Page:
“Grandma, tell me about the Great Cyber War. What was it like?”
“Well, dear, on top of hill were the well-armed, but rapidly depleting mainstream media corps defending their turf to the death, or at least until deadline.
“Assaulting the outskirts of parliament were we brave bloggers, dressed only in our pyjamas, fuelled on skim lattes and clicking on petitions until our index fingers blistered. It was ugly, dear.”
After a week of pitched battles in “cyberspace”, it was interesting to see the esteemed host of Media Watch, Jonathon Holmes, bifurcate the debate over coverage of the Prime Minister’s speech into the old journalist-versus-blogger meme.
Essentially, Jonathon’s point was that social media is dominated by left-leaning, cultural intelligentsia who are just as out of touch with the “ordinary people” and just as unrepresentative of the general voting population as the press gallery they rush to condemn.
Well, yes, but who is arguing that? My reading of fellow blogger Tim Dunlop’s original piece in The Drum was that now anyone can watch news break in real time from raw sources, the role of journalist as gatekeeper is becoming redundant. (Note, this does NOT mean journalists are becoming redundant, but that their roles are changing).
Social media tools like Twitter, Blogger, WordPress and Facebook allow anyone – from boiler-suited vegan student to snarly libertarian to spotty Young Liberal fogy – to publish their own analysis of political events in real time.
Yes, much of this – probably 99 per cent of it – is shallow, self-serving and poorly written. But the idea that there is some uniformity of view in the blogosphere is as misguided and clichéd as the commonly heard complaint that the ABC, say, is a nest of lefties.
As an aside, the assumption in Holmes’ analysis – common in defences of legacy media – is that this is about the mainstream professional versus the social amateur or that bloggers live under the illusion that they can replace full-time journalists, a point dealt with by US journalism professor Jay Rosen.
“Ask bloggers why they blog and they might say ‘because big media sucks!’, Rosen wrote last year. “But they will almost never say: ‘I am your replacement’. This fantasy of replacement comes almost exclusively from the journalist’s side, typically connected to fears for a lost business model.”
Back to this week’s events, Jonathon’s other point was that while journalists in Canberra don’t get out much, they do get to speak regularly to backbench politicians, who get a much less rarefied view of the world from electorates concerned more about electricity bills than misogyny.
“The idea that the acclaim of the Twittersphere represents ‘ordinary people’, and the cynicism of the gallery does not, may well prove no more than an exercise in wishful thinking,” Holmes wrote.
Again, no-one is arguing this. What we are saying is that there is more than one way of analysing the events out of Canberra. The press gallery prides itself on its ability to keep its distance and think independently. Yet the almost completely uniform gallery interpretation of Gillard’s speech betrayed a groupthink that suggested that they are either too close to the story or need to read more widely.
That does not mean that the likes of Dunlop and myself or anyone has any better idea of what went on. But news judgment is a funny thing. While context and detail and proximity are important, sometimes the details can obscure the news.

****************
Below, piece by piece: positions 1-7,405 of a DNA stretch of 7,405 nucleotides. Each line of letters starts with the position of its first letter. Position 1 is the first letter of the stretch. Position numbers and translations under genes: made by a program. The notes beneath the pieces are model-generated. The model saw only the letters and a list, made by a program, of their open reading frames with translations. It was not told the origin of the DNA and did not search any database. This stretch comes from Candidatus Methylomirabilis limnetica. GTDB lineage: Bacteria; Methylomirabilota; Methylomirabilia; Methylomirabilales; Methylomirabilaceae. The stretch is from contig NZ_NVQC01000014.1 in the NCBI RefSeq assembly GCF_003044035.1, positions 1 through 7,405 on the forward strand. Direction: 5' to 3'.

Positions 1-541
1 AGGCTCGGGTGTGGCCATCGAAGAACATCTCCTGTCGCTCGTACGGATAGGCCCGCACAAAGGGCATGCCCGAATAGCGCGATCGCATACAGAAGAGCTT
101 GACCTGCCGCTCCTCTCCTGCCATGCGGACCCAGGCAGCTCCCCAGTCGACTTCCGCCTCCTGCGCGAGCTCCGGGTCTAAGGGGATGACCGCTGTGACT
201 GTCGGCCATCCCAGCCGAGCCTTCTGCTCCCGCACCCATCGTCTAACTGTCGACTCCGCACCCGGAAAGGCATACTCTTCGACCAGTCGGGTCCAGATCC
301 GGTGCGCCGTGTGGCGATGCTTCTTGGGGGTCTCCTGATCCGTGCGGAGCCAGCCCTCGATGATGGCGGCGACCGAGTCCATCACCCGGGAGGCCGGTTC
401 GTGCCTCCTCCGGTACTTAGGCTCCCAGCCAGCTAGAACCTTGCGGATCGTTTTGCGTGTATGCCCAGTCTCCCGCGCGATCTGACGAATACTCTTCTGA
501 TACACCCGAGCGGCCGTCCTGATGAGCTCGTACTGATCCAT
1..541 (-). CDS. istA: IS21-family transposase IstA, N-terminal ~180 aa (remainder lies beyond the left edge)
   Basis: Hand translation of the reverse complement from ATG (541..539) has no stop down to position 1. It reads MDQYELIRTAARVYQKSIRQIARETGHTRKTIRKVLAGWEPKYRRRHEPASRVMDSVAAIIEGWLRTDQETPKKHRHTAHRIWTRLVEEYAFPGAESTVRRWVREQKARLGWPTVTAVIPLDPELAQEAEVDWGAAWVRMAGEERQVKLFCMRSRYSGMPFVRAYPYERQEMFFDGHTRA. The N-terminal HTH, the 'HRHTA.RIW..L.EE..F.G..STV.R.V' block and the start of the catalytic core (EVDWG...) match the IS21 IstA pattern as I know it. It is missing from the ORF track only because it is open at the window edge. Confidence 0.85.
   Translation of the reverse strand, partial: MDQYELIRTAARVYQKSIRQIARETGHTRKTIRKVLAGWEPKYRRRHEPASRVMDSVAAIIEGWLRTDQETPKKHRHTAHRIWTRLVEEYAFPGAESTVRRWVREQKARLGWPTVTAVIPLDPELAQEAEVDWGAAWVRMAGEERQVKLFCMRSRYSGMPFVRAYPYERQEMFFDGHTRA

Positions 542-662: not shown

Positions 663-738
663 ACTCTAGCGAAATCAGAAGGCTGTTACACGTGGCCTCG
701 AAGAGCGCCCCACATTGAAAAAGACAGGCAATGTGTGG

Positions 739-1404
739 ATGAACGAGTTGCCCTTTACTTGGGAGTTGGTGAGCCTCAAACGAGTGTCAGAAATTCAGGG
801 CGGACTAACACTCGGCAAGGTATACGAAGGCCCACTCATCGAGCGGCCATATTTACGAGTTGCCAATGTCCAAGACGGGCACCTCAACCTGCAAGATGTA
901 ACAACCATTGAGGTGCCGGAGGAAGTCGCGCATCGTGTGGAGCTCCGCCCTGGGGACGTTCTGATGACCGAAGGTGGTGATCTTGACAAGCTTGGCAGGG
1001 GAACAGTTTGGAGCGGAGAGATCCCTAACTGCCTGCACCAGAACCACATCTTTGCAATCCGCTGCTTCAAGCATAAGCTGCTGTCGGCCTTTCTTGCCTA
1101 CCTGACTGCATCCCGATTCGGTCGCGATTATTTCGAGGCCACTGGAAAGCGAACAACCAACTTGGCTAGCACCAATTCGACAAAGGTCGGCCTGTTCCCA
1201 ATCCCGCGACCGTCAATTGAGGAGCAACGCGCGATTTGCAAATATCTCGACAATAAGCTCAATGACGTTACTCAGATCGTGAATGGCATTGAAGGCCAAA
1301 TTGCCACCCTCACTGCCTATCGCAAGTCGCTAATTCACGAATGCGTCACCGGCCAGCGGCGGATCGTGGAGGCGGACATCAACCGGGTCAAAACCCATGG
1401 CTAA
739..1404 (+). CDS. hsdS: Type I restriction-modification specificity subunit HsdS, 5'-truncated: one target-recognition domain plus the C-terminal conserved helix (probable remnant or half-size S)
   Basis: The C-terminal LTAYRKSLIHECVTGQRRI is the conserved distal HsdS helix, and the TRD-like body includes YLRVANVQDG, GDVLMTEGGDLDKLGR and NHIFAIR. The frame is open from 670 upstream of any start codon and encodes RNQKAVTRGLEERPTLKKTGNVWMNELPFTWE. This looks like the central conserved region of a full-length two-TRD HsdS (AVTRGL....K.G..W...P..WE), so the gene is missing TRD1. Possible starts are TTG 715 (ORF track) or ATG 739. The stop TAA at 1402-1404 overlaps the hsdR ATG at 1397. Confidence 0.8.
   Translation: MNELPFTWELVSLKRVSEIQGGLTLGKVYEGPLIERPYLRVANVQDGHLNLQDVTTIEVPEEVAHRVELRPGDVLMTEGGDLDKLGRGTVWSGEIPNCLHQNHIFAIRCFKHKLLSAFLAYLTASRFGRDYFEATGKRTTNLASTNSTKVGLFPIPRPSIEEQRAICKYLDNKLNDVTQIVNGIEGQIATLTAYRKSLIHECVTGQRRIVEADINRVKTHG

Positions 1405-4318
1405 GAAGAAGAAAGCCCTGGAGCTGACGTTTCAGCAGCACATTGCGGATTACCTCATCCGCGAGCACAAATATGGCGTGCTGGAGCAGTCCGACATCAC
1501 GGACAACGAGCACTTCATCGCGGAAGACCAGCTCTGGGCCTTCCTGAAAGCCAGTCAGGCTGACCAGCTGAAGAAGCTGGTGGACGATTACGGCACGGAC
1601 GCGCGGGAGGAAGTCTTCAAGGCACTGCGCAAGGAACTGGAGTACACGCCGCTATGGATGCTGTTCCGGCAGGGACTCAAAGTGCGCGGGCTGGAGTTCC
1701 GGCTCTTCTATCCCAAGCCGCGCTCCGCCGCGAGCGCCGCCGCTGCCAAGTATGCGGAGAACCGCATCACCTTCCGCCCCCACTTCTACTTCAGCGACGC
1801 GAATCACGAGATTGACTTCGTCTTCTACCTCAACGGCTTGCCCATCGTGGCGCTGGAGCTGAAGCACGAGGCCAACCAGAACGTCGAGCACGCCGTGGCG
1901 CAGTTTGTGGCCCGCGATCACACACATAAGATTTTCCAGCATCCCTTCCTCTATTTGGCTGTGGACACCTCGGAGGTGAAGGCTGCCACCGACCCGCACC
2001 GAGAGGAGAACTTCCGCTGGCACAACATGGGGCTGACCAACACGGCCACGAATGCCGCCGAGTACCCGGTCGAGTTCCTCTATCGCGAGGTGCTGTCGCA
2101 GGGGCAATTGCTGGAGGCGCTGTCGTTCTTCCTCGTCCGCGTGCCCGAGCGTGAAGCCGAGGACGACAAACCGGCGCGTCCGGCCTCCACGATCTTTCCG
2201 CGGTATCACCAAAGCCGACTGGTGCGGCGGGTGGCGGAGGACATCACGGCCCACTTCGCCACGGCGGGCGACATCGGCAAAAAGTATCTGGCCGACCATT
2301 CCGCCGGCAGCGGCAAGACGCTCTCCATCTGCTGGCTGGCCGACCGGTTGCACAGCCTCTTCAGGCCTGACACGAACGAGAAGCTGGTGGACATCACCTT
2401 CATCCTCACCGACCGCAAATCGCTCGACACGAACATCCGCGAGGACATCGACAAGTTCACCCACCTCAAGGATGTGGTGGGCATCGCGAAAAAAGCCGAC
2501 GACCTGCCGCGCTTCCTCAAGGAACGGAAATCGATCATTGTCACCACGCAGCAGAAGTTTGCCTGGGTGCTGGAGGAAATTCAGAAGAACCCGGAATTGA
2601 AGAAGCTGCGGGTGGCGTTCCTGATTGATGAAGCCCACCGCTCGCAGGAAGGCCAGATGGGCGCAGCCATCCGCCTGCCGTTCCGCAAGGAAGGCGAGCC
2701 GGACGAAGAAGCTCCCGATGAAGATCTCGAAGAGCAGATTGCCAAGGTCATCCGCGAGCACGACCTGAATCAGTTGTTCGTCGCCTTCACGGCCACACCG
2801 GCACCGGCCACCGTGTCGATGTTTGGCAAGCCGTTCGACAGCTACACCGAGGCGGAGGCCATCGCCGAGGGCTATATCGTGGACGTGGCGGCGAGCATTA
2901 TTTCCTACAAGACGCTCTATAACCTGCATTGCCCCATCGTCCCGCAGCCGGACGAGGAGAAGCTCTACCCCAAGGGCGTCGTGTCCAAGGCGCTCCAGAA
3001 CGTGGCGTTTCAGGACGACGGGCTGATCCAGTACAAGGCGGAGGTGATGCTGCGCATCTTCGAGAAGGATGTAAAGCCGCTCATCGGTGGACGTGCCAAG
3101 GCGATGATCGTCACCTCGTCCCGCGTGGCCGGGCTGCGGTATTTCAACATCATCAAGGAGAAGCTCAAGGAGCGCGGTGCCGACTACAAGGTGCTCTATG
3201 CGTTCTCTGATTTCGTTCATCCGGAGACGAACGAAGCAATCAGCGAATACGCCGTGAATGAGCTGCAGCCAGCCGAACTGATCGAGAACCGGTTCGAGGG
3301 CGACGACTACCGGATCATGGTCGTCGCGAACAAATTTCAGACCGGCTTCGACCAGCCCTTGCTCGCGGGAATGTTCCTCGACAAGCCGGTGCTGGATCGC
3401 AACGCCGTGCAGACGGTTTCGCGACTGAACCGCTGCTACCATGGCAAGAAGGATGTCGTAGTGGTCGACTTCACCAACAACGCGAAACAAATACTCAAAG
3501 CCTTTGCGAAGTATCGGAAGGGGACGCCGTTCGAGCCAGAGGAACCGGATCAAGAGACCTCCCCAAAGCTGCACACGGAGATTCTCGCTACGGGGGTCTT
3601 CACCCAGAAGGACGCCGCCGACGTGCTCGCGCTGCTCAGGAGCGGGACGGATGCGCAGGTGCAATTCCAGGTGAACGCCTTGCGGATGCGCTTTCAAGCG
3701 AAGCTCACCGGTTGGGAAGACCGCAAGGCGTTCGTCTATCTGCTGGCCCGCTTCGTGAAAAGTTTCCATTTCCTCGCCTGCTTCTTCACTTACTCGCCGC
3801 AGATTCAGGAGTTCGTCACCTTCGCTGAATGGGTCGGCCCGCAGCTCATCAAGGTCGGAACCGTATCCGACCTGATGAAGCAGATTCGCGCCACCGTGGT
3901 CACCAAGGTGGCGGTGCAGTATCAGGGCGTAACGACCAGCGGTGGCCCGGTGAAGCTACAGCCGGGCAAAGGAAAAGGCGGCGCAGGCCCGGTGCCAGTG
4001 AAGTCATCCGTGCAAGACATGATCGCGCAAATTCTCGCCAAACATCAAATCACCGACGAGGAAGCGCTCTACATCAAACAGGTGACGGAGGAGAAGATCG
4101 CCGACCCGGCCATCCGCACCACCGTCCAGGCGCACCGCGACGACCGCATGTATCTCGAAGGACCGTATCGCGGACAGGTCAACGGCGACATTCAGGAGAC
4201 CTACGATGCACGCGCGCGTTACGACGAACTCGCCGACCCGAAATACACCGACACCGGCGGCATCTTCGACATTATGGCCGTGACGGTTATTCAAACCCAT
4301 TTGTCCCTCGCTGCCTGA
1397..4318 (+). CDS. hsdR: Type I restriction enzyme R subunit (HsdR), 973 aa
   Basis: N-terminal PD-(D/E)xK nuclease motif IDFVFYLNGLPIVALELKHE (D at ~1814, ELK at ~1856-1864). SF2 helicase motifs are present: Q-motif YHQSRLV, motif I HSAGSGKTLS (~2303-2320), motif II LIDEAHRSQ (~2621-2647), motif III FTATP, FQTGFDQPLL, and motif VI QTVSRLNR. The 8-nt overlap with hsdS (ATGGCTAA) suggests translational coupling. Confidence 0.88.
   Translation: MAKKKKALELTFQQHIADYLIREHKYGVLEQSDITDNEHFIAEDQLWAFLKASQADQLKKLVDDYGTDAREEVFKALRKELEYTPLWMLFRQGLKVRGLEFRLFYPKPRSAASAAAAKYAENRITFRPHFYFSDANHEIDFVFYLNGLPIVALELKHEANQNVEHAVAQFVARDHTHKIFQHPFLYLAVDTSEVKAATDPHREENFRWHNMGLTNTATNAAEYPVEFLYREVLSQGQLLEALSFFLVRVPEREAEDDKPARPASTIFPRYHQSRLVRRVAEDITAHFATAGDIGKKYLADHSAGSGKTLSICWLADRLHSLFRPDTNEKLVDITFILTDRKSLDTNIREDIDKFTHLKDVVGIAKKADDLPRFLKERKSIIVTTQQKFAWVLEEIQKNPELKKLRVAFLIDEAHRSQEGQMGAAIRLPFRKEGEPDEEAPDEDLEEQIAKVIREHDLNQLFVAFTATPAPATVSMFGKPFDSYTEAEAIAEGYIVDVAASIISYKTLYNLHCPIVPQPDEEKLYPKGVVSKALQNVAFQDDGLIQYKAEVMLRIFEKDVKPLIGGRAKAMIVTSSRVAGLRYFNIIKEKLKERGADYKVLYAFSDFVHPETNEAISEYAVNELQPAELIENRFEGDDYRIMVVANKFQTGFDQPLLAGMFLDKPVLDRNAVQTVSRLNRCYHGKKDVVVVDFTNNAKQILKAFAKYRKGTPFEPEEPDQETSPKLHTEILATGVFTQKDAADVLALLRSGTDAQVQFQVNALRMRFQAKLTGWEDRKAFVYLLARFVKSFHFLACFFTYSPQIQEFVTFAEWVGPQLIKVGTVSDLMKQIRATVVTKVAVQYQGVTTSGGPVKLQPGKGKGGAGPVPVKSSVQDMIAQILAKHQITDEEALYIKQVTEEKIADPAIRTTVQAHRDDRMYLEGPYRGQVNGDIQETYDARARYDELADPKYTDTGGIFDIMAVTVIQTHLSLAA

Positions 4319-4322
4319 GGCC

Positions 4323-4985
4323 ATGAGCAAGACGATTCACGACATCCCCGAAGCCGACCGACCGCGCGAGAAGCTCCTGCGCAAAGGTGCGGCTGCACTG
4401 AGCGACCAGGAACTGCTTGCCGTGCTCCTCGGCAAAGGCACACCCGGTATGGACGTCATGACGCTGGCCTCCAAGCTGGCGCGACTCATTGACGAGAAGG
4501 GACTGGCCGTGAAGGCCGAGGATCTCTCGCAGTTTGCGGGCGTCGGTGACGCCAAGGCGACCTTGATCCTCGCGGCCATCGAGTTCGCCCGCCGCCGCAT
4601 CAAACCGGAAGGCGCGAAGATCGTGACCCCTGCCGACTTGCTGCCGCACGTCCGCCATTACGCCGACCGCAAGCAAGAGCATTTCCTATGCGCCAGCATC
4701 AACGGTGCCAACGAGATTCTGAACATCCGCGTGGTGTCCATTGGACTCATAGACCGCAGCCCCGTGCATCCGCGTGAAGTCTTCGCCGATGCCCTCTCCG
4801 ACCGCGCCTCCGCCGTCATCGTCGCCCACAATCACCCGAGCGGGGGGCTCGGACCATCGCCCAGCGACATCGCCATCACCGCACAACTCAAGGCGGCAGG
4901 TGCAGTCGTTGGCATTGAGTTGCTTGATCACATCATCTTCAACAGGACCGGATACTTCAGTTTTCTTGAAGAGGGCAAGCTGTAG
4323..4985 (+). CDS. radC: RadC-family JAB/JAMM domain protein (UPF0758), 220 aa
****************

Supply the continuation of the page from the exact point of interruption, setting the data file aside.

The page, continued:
That so many people – not just on Twitter – but in the wider community feel disquiet over the level of gender-inspired invective levelled at the prime minister IS a real political issue. And if it is not resonating beyond Balmain or Brunswick, as Holmes suggests, perhaps that is because of the way media treats the issue.
Bernard Keane in Crikey, like Holmes another respected and astute commentator, inadvertently captured the point in his argument that social media fury at the press gallery might be misplaced.
“The press gallery doesn’t see its job as analysing the social significance of politics,” he wrote. “Its focus is on political tactics — what works politically, what doesn’t, what impact political performances will have on the functionality of the government in the short term and, over the longer term, its prospects for re-election.”
Well, actually, that may be the problem. The disenchantment with institutionalised politics and the growth of social movements like Occupy, GetUp and Destroy the Joint suggest existing political parties and the media rituals that attend to them are close to exhausted. Politicians and media need conflict, but they increasingly choose their turf based on what suits them, not on what people are talking about.
To the point that the gallery better understands the context of Tuesday’s events, the fact is the public knows how the game works. We understood that Slipper’s appointment as Speaker was a cynical and desperate move to retain power. We can see that for all its huffing and puffing over Craig Thomson, the Opposition will court him for his vote.
It is the “game” of politics that obsesses the press gallery – the constant polling, the insider debates about how issues are “playing out”, the constant speculation over leadership. We can see all this as clearly as the gallery. But we don’t care. It has no meaning to us because it has no connection to anything we consider to be real or important.
Gillard, in her passionate speech, did touch on something that felt real and meaningful to many, many people – women and men. It brought real politics – the politics that people talk about around the dining table or in the work lunchroom or at the sports club – back into parliament.